When I Googled “richest musicians,” the featured snippets box, that thing that sometimes shows up at the top of the results page, listed:

1. Paul McCartney
2. Andrew Llyod Webber [sic]
3. Jay Z
4. P-Diddy
5. Madonna
6. Herb Alpert
7. Dr Dre
8. Celine Dion

and while the top of the snippet indicated that the list included 17 more that were just a click away (i.e., it is a list of the top 25), I noted that the domain was “.ng,” something that I was not familiar with.

So I Googled that and discovered it is for Nigeria. I wonder if a prince who has millions of dollars that he would like to put into my bank account is in any way involved in creating the list. After all, McCartney and the others have serious money, too, so they undoubtedly hang out with that guy who needs a place to park his immense fortune and it could be that this list is simply a list that he created to keep track of his pals.

There are plenty of other sites with their versions of the “richest musicians,” including the monetary sounding “ledgernote.com,” the musical “playback.fm,” the institutional “gobanking.com” and the financially hip sounding “wealthygorilla.com.”

I don’t know if my virus protection is up to any of them, so I decided to forego additional research on that area of listed information.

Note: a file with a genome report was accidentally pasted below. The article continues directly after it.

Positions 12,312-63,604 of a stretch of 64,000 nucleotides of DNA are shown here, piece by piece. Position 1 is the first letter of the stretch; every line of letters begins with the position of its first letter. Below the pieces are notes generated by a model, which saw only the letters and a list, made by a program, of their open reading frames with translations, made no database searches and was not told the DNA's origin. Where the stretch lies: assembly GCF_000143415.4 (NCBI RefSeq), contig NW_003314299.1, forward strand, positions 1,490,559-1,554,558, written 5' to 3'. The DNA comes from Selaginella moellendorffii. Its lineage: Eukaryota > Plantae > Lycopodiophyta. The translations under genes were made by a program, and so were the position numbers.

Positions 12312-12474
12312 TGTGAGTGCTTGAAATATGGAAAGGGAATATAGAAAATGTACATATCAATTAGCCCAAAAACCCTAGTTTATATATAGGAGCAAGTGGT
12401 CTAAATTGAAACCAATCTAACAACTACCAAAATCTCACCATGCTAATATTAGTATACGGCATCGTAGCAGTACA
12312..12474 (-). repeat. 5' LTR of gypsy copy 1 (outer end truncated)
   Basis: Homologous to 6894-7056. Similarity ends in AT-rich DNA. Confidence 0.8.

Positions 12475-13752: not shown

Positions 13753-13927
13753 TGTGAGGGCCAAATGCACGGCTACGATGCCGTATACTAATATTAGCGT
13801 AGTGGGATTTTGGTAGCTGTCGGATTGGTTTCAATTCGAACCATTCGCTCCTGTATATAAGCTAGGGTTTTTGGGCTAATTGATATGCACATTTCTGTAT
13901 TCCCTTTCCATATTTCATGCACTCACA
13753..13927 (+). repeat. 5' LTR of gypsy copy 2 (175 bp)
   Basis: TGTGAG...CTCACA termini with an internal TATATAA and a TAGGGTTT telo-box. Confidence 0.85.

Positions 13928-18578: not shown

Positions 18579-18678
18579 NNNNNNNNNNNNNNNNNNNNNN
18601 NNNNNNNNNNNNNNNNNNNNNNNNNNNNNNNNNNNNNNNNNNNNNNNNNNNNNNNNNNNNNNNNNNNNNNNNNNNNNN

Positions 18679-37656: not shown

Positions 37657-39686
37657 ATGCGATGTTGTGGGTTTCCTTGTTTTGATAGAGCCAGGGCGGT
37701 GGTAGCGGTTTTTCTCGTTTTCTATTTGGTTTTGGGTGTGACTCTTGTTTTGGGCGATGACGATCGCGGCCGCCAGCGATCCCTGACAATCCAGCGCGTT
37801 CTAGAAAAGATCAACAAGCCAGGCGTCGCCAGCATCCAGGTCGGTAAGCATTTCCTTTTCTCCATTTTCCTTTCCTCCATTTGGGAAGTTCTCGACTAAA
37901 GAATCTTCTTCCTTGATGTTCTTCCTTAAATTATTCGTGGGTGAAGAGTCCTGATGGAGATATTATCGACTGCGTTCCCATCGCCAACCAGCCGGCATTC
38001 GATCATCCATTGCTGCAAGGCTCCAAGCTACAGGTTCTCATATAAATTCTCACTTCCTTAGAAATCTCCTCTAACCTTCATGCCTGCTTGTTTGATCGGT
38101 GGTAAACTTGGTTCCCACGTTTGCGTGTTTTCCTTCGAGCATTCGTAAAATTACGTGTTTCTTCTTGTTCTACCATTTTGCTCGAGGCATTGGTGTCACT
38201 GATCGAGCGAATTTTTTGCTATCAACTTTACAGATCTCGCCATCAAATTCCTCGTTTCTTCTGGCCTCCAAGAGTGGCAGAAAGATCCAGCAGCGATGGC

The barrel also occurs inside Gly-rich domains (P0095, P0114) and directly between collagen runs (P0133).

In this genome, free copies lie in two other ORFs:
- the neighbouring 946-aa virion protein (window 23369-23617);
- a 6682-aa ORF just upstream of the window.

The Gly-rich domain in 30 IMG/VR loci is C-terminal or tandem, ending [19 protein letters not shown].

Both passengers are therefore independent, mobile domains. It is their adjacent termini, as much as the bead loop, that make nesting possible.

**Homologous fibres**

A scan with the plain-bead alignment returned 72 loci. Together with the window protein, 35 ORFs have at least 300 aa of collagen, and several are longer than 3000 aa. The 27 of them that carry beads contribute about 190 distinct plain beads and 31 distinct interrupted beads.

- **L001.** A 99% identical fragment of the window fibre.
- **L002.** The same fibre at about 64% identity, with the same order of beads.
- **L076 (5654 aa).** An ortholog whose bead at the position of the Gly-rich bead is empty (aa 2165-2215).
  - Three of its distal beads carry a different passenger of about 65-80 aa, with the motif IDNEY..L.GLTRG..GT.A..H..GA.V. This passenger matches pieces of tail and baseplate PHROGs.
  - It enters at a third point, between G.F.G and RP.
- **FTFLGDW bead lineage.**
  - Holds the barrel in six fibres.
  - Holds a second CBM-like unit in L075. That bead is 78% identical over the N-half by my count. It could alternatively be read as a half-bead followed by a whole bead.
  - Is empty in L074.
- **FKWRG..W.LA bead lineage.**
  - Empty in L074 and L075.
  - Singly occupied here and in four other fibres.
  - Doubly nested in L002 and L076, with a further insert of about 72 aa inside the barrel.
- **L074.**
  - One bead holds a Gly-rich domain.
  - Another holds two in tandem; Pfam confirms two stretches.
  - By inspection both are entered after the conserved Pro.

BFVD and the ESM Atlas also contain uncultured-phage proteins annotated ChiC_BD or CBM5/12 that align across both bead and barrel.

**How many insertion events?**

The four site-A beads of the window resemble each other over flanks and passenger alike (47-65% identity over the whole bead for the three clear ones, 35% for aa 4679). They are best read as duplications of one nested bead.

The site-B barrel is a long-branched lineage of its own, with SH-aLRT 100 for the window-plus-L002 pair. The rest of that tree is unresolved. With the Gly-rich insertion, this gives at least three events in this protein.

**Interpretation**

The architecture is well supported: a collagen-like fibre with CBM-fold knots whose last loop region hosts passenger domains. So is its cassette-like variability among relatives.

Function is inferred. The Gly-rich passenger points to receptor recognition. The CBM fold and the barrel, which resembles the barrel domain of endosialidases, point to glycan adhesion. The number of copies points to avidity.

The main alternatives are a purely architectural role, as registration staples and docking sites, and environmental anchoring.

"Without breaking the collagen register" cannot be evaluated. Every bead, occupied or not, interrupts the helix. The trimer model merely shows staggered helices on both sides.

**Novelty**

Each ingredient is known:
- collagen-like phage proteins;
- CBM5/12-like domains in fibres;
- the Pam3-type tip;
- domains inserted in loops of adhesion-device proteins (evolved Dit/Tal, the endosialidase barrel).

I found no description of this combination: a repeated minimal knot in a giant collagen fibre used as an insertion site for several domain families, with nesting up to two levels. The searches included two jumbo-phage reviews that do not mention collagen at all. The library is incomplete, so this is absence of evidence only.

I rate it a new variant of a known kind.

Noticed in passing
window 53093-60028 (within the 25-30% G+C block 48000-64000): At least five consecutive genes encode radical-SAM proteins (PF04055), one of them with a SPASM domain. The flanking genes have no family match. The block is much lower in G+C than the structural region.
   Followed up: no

Continue reading Looking at Lists

New Willie Nelson video: Vote ‘Em Out

Video: Willie Nelson – “Vote ‘Em Out”

Willie Nelson - Vote 'Em Out

Single out now on Legacy.

Originally written during the 2018 midterms in support of Beto O’Rourke’s senate run against incumbent zodiac killer Ted Cruz, “Vote ‘Em Out” just got a brand new animated video for 2020.

So please, for the love of all that is holy, listen to Willie.

Willie Nelson: web, twitter, amazon, apple, spotify, wiki.

New Fuzz: Spit

Video: FUZZ – “Spit”

Directed by Charles Moothart. From III, out October 23 on In the Red.

Do you love the sound of loud guitars? Do you like rock and roll? Yeah? Then you should listen to this new song from Fuzz.

Fuzz is Ty Segall’s band with guitarist Charles Moothart and bassist Chad Ubovich. They recorded III on 2″ tape at legendary United Recordings Studio B with Steve Albini.

Moothart told Mix magazine, “Ty had done a mixing session at United Recording, so that is where the idea of recording at United with Steve came from. We wanted to record in LA to stay close to home; we wanted to be able to go in and get live takes and not stress too much on mixing, and we wanted it to be fun. All signs pointed to working with Steve at United.”

In a statement, Moothart said, “When Ty and I first started working on this song, we didn’t know if it was even going to be a FUZZ song or not. We wanted to make a song that felt straight forward, but had a subtle tweak that over time gets more obvious. The verse riff almost feels like you’re falling asleep at the wheel then the chorus opens up with a melodic, but sharp riff that adds to the punch-drunk feeling of the verse.”

Riffs, man. A badass riff might not be able to solve all the problems going on in the world, but it can definitely make you feel a little better for a few minutes.

Continue reading New Fuzz: Spit